Second, at the nomination meeting, the council forms a gross list of men who seem, at first sight, to be qualified and suitable for office. The president of the council asks each council member individually whether he has names to contribute to this list. Also, any names suggested by members of the congregation are put on the list. In some of our churches, as soon as a name is mentioned, it is automatically put on the list; in other churches, it is not put on unless another member of the council “seconds” the name. (This is similar to motions made in meetings; a person can make a motion to some effect, but the motion is not discussed and voted on if another person does not “second the motion.” By requiring this “seconding,” organizations save time discussing what might be pet issues or projects of only one member. Motions which are not supported fail for lack of support).
The men on this gross list “seem, at first sight, to be qualified and suitable for office,” I said above. By that I mean that the whole council has not yet expressed a judgment regarding their qualifications (in light of God’s Word) and ability to serve (in light of their individual circumstances). It might be that reasons would come out later that cause the council to think that a particular man is not qualified or suitable.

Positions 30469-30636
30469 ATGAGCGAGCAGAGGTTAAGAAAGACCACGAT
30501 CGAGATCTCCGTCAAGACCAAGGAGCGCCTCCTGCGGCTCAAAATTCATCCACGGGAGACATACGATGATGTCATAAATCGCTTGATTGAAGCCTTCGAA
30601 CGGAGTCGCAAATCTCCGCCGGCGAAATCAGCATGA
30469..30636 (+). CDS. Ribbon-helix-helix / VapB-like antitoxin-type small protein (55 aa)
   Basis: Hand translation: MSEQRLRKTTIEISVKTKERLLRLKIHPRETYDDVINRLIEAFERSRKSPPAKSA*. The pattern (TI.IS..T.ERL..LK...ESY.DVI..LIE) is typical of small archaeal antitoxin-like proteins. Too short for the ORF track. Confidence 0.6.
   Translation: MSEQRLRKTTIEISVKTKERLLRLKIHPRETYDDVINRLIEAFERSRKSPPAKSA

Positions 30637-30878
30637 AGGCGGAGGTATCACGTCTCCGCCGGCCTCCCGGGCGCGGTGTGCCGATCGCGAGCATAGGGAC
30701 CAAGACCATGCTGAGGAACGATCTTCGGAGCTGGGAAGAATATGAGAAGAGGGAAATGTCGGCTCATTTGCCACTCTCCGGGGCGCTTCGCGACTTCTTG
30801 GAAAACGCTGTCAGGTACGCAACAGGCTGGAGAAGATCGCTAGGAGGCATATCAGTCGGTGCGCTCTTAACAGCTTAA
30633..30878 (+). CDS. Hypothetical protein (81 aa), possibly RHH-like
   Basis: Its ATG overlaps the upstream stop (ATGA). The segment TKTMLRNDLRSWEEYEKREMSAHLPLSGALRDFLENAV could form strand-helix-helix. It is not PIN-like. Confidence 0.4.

At the same time, it must be underscored that already at this point at least one or two members of the council have given serious thought to this man’s qualifications and ability to serve. No obvious reason exists why he ought not or could not serve in office. Again, I stress that council members should know and understand God’s qualifications for officebearers. No man’s name ought to be suggested, if it is obvious that he is not qualified or able to serve, or if it is obvious that for some reason the congregation would not be well served by his being in office.
Third, the council members then have opportunity to discuss the qualifications and suitability of each man on the gross list. Men are removed from the list at this point only when a council member makes a motion to remove a name, when that motion is supported by a second council member, and when that motion passes by a majority voice vote.